None of this is to say that we don’t have to be careful. The market is fluid and can change quickly, as we saw last March. One thing is clear, the current market is not in a free-fall, and we do not expect this to occur, regardless of what a headline or TikTok-er suggests. Your best bet is to never bet against GTA real estate.
Guiding Home Buyers & Sellers Down the Wrong Path
The final point I’d like to address is the impact of current interest rates when buying a new home. I’m constantly hearing that it’s more expensive to buy now due to the rates, which inherently makes sense. However, with the price declines we’ve experienced, monthly mortgage payments have barely gone up. Let’s look at an example comparing a home purchase in February 2022 to January 2023:
– 5-year fixed mortgage at 3.25% with 20% down payment
– Purchase price of $1,000,000
– Monthly mortgage payment of $3472
– 5-year fixed mortgage at 5.25% with a 20% down payment
– Purchase price of $800,000 (accounts for a 20% value reduction)
– Monthly mortgage payment of $3512
As you can see, the monthly payment in the above scenario only went up $40/month. For all intents and purposes, that is a negligible increase. In addition, I used a 20% reduction in home values, but in some cases, that percentage is higher, further highlighting that the current mortgage rates are of minimum impact for some people.
Rates become a more salient issue when considering the impact of the mortgage stress test, and people renewing their mortgage at a higher rate. In the latter case, we may see some homeowners unable to afford their current home due to the increased cost.
Greater Toronto Real Estate Prediction for 2023 / 2024
Now that I’ve finished my cautionary rant, let’s quickly cover where we think the GTA real estate market will head in 2023/2024.
The Bank of Canada rate increased again in January. There’s some indication from the BoC that they may pause further hikes, but there are too many variables that determine this to predict accurately. Home values will likely remain flat until the summer. We could start seeing fixed mortgage rates decline, which has already begun with some lenders. Depending on the economic outlook, the BoC may start lowering their rates by year-end and into 2024. Once would-be homebuyers start seeing rates decline, they will enter the market in droves. This will subsequently apply upward pressure on home values, once again.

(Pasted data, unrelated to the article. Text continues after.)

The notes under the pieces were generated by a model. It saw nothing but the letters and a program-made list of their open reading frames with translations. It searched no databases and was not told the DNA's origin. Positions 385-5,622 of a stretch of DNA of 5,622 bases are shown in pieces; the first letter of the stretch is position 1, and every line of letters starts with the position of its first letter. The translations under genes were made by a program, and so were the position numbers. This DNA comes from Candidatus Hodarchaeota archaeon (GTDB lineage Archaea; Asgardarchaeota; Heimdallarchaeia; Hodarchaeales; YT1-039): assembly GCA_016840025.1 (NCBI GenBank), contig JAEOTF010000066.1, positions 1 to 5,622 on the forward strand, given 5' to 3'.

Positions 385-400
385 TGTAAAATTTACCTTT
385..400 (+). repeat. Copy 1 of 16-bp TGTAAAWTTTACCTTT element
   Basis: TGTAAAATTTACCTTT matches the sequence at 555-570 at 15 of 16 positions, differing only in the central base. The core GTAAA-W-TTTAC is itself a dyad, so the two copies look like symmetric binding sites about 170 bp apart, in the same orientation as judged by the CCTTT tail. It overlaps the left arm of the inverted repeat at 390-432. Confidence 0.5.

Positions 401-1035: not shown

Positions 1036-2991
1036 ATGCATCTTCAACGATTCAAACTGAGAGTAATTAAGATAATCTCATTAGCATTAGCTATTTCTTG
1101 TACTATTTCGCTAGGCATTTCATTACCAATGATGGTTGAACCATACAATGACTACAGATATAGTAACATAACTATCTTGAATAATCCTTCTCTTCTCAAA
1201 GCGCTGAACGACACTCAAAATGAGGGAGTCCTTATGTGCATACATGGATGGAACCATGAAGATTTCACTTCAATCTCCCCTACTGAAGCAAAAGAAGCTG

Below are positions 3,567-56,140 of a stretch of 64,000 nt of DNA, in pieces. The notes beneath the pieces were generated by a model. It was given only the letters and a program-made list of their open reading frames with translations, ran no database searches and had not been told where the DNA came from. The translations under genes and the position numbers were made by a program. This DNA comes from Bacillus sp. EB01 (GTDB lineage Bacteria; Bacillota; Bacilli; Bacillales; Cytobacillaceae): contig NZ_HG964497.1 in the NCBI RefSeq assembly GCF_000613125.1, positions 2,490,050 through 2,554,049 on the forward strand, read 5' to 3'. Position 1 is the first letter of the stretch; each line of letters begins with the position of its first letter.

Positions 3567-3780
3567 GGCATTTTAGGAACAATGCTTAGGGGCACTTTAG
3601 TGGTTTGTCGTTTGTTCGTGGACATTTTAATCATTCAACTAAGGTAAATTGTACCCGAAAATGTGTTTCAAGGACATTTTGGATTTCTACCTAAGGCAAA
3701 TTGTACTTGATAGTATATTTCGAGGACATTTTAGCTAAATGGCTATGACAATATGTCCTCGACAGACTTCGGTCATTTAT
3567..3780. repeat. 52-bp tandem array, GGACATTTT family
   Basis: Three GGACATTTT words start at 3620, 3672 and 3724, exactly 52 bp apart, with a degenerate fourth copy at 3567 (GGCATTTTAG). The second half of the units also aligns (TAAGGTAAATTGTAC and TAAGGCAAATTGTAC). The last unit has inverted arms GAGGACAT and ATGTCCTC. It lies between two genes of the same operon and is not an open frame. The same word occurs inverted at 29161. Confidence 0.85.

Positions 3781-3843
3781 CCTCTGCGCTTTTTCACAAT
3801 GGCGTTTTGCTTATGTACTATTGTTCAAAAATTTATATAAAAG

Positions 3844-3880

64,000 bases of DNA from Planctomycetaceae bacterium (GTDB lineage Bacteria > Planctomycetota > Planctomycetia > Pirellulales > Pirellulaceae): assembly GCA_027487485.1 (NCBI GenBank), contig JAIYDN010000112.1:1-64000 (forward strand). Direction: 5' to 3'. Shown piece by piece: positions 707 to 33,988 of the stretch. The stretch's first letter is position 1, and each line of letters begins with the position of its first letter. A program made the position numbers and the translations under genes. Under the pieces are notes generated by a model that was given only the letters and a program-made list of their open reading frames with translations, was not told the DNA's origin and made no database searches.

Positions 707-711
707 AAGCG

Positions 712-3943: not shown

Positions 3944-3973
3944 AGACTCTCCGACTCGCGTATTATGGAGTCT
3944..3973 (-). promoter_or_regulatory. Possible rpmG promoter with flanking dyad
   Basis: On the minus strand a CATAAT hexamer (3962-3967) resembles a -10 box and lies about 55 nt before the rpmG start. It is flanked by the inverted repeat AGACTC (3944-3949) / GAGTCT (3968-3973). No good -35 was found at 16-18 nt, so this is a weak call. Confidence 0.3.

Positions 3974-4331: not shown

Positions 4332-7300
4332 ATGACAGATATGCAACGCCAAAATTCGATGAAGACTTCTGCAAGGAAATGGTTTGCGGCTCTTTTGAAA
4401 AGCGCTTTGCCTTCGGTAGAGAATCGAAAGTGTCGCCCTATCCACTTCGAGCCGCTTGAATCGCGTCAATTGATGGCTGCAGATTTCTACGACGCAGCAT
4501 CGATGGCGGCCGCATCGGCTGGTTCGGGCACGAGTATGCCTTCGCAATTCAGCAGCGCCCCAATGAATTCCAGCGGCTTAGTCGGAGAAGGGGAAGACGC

The above is speculation based on historical trends, consumer behaviour, and current data analytics. Although it’s our prediction, we know many things can change between now and year-end. Regardless, the latter part of 2023 and certainly 2024 is positioned to be much stronger, and we’ll likely find ourselves in a seller’s market again. Remember, predictions are inherently flawed and should not be used to make financial decisions. Focus on the current outlook to determine if the market suits your needs (or not).
To summarize, avoid paying too much attention to headlines over the next few months and ensure you’re evaluating the market in its entirety. If you’re in the market to make a move, there are some great opportunities out there for buyers. And if you need to sell your current home, just be aware it can take a bit more time, and proper pricing and marketing strategies are of paramount importance.
I fully recognize the current market conditions can be confusing, and my above commentary is only one of the dozens more you’ll hear and read. The information we have provided above is the tip of the iceberg in terms of the data we constantly review.